Civic Tech Monthly, October 2015

Welcome to the ninth edition of Civic Tech Monthly. Below you’ll find news and notes about civic tech from Australia and around the world.

It seems like October has been a busy month for everyone. All around the world people are flat-out launching new projects, presenting at conferences, and sharing plans and ideas. This edition is full of opportunities and ideas you can draw on.

As always we’d love to see you at the OpenAustralia Foundation Sydney Pub Meet next Tuesday in Sydney.

If you know someone who’d like this newsletter, pass it on:

News and Notes

Thank you Matthew

There must be something in the water because this has been a big year for changing leadership in civic tech organisations with Tom Steinberg moving on from mySociety and James McKinney from OpenNorth. This time it’s our very own co-founder Matthew Landauer.

So now it’s our turn to say thank you to Matthew. Since creating over 7 years ago Matthew has worked tirelessly to better connect people with their communities, governments and politicians through his work at the OpenAustralia Foundation. While many people talk about this, Matthew just gets on and makes it happen. He’s done this by programming, designing and writing websites that have been used by millions of people, and by teaching and inspiring others to do the same as a leader in civic tech.

From Henare and Luke, thank you Matthew for everything you taught us. With Kat keeping our feet on the ground, we’ll continue to put what you taught us to work. We’re full steam ahead.

Apply for support and development help from mySociety

There are dozens of civic tech projects, running all over the world, built on mySociety’s open source work. They’re using platforms like Alaveteli, FixMyStreet, WriteInPublic or YourNextRepresentative.

You can get mySociety’s help to set up something like this in your area. For projects that suit their program, they’re offering technical and development help, as well as advice on a range of issues and even hosting.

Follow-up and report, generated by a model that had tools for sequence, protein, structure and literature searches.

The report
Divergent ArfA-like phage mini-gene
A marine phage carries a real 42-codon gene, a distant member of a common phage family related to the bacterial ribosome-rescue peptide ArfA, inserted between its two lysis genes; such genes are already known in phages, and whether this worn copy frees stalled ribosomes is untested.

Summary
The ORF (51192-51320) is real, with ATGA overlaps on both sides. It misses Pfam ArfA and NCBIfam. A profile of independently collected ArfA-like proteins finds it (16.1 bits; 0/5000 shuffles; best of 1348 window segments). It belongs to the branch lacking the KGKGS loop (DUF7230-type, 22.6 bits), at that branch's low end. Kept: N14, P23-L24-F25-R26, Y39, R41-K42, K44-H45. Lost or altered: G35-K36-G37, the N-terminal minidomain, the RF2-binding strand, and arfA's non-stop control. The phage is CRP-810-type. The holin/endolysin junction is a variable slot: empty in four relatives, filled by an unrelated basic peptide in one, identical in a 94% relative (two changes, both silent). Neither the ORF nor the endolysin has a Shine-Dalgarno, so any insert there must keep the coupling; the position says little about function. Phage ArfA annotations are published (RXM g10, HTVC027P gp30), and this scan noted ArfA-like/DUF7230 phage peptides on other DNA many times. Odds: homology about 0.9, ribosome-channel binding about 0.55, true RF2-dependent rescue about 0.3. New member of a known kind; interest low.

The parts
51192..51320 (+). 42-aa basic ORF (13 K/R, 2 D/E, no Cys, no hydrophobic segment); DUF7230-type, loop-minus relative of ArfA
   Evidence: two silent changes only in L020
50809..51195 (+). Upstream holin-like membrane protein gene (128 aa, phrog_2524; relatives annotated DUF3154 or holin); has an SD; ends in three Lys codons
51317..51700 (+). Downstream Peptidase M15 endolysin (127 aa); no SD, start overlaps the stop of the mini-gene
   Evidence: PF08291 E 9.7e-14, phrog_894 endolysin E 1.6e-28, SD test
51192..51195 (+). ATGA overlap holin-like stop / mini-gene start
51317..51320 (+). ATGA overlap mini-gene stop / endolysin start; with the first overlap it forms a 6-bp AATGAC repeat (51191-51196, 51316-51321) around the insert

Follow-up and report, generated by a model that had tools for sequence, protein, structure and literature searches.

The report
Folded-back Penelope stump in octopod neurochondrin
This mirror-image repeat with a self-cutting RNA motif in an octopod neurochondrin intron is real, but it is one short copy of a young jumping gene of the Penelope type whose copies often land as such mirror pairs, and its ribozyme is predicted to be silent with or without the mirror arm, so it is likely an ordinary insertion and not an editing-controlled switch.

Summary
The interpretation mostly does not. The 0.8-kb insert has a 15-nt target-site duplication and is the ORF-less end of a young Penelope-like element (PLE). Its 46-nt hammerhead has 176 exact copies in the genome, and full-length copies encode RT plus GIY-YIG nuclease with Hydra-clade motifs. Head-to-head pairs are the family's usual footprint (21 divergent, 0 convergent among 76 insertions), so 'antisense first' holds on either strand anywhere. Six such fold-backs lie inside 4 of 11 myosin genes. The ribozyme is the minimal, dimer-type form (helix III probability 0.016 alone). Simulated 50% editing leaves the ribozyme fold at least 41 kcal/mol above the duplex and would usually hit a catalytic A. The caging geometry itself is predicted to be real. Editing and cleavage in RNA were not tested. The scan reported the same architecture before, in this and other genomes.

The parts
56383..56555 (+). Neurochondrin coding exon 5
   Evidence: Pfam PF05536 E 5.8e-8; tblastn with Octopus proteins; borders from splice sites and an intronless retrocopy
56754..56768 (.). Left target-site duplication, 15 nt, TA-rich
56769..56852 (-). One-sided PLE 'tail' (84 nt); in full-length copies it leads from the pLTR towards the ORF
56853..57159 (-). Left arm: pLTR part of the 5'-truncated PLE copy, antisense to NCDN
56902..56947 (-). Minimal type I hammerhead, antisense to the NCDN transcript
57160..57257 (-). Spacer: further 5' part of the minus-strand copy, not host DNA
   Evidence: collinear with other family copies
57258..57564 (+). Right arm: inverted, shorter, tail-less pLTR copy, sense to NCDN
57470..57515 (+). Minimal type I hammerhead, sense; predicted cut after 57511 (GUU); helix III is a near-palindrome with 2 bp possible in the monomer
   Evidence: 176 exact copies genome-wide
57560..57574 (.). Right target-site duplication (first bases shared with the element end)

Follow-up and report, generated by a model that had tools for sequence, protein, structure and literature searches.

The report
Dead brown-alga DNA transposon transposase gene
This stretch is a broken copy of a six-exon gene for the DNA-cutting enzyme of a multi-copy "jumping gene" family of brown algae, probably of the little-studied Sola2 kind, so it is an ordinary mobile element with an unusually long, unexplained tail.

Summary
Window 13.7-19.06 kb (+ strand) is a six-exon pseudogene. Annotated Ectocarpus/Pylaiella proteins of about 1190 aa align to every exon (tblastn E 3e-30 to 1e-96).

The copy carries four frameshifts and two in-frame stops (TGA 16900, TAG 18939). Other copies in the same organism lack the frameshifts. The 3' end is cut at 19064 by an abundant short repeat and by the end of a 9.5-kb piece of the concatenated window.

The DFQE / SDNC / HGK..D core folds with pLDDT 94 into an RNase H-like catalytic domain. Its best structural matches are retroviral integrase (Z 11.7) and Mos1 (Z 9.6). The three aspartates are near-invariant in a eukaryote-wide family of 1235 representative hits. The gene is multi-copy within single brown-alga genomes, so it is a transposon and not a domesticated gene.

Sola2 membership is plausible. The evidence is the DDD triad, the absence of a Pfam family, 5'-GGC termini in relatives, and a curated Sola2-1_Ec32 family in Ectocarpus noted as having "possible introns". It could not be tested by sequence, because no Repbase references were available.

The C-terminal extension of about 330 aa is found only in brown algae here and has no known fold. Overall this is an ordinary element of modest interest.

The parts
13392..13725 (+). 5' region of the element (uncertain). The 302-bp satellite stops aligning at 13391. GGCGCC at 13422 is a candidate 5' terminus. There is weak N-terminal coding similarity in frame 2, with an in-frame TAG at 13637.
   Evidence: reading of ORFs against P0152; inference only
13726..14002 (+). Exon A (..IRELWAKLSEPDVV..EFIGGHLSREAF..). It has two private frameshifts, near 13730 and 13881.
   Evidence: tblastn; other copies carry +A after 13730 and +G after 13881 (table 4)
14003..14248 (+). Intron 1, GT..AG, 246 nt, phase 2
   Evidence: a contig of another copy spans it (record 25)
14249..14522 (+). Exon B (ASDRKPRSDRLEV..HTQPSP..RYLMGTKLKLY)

Applications close October 30, so get in quick.

Democracy Club plans for 2016 UK elections

For the UK’s 2015 elections Democracy Club helped thousands of people in the UK vote and find out more about candidates. Now they’re laying down plans for their next round:

May 2016 will see a much wider range of elections in the UK – from local councils to city mayors, from police commissioners to the devolved assemblies and parliaments…

For May 2016, we’ve set ourselves the ambitious target of knowing about every candidate in every election in the UK…

And that’s not all. On 7 May, we noticed that one of the most popular internet searches was: “Where do I vote?” For that reason, among others, we think there’s real value to be gained in open data for polling stations – their locations and the areas they serve.

If you’ve got elections coming up in your area check out their plans and how they approach these projects. Maybe these ideas will inspire a project of your own, of course all their projects are open source for you to use.

Update to an Open Data Masters Thesis

In 2011 Zarino Zappia completed his Masters thesis on the state of “open data” use in the UK and USA: ‘Participation, Power, Provenance: Mapping Information Flows in Open Data Development’ [4MB PDF]. Early this month he posted some thoughts about what has and hasn’t changed since then touching on what government, hackers, non-profits, and the private sector are up to. It’s a wonderful and refreshingly honest appraisal of the state of open data.